Every Tuesday a group of six women from Alplaus meet in the local post office to knit and converse.
Postal worker Elizabeth Burke started the group just over a year ago. “I got the idea to start the group to give the ladies and myself a sense of community,” she said as she leaned out the window behind the postal desk.
Burke is proud of the group for helping others while they help themselves. “There’s a strength in numbers,” said Burke, “it keeps the women together and gives them a sense of purpose.” All of the women except Burke are widows.
Around 2 p.m. the women meet at the post office, set up folding chairs in the middle of the floor adjacent to the post office boxes and about three feet from the window of the postal desk. They knit for about an hour.
Except for the stacks of shipping forms, the post office more closely resembles a country store. Everything is wooden and a bit faded, from the paint on the counter to the newspaper clippings hanging on the walls. A customer has to tiptoe past the six knitting women to request a change-of-address form and a book of stamps. The post office building itself consists of two rooms but only occupies one and keeps limited hours.
They don’t just knit. They talk about all sorts of things, from the economy to gardening to the hand-written thank-you note Shirley Sutphen’s granddaughter sent her. Esther Miller, one of the group, brings in her well-worn, yellowing copy of former New York Times reporter Hal Borland’s book, “Twelve Moons of the Year,” and reads a section aloud every week. “Today I’m reading a section about how May is the month of changes,” she said.
The women are chatty and often interrupt and talk over each other, and while the purpose of the group is to knit, knitting isn’t required. Sometimes the group is just good for company as displayed by Helen Robinson who said, “I didn’t bring my needles today. I’m too tired.”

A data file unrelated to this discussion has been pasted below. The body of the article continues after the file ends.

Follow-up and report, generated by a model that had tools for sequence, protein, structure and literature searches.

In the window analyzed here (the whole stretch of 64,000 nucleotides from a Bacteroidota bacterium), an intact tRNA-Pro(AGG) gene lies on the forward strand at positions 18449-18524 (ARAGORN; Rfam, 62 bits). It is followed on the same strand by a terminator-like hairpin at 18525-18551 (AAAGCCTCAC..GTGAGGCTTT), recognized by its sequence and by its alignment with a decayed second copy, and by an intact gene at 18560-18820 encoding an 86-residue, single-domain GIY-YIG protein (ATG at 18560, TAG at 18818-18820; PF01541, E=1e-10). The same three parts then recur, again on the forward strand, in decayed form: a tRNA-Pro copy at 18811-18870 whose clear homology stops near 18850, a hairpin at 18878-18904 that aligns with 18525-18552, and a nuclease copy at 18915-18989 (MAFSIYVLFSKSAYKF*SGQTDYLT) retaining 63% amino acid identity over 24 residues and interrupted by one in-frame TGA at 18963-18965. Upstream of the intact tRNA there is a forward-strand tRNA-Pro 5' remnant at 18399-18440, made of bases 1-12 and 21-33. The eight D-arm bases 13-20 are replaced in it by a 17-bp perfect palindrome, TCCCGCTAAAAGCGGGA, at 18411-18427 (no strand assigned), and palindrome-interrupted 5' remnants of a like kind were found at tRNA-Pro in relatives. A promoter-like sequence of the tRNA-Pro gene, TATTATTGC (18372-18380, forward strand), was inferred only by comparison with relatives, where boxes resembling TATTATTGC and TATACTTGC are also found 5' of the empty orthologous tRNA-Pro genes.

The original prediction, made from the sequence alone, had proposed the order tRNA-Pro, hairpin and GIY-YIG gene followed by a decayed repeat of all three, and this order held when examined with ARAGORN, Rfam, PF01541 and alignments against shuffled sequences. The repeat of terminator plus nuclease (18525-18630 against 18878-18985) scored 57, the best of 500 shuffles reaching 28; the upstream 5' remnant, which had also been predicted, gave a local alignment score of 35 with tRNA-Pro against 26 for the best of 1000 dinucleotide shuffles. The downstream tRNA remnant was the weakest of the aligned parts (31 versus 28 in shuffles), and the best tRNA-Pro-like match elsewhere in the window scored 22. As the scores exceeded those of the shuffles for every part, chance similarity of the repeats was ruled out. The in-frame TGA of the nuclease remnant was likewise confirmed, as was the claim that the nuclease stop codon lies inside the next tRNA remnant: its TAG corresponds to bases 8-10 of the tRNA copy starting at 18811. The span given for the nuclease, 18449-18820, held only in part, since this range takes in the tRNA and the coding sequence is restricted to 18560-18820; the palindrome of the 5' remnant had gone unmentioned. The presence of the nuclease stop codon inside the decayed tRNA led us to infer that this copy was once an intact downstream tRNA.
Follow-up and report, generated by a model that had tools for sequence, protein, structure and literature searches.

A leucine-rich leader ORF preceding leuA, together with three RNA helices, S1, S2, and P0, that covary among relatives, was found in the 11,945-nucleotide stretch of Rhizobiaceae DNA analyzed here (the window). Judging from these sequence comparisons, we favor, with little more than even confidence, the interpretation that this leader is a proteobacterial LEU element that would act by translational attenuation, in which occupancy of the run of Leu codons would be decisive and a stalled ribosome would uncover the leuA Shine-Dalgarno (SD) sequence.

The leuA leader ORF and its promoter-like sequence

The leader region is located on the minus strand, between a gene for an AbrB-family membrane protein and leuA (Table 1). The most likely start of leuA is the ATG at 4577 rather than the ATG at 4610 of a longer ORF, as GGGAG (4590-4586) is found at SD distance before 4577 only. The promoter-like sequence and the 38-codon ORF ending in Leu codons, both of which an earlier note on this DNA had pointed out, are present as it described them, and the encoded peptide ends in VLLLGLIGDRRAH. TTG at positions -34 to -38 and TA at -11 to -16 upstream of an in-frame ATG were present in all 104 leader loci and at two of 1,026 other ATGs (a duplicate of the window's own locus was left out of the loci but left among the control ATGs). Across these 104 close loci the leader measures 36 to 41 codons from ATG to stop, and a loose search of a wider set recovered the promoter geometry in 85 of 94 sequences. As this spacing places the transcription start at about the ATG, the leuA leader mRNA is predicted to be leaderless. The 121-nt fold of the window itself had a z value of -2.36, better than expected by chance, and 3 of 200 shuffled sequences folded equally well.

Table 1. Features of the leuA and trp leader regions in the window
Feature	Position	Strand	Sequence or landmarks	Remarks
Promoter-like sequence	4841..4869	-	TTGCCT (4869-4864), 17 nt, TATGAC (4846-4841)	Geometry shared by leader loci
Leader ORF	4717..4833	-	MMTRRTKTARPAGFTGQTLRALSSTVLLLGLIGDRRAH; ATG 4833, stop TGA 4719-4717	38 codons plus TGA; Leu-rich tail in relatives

“We talk about everything from birds to finances,” said Herrick, deftly handling her needles as she worked on the sleeve of a pastel-pink child’s sweater. “We also talk about food and swap recipes a lot.”
Most of what they knit during their weekly meetings is donated to various charities. They make sweaters for needy children, which they donate through Guideposts’ Knit For Kids program. The sweaters get sent to children in the United States and around the world. The women also make hats for premature babies that they donate to local hospitals through the New York Capital District Chapter of the Embroiderers Guild of America. “There’s always a need for knitted goods,” says Burke. The women donated 15 handmade sweaters in the last month along with 12 to 15 preemie hats.
“Elizabeth is the prodder,” Miller said. “She keeps us on track and teaches us new things, like Sudoku. She showed me how to do those and now I do it every morning.”
Last Tuesday, Burke showed Shirley DeLuca her newest project, needle punch, which is punching a needle and thread through a tightly pulled piece of cloth to achieve an effect that looks like embroidery. The verdict: “I don’t think my eyes can do that,” DeLuca said of the intricate work.
In the fall, Burke hopes to lead the women in doing some work for Keep America Warm. This is another one of her new ideas, many of which come by word of mouth from the volunteer work she does with Robinson at the Alpha Pregnancy Care Center in Albany. Burke and Robinson teach young mothers how to knit. The women will knit 10-inch squares to be made into blankets and afghans for Keep America Warm.
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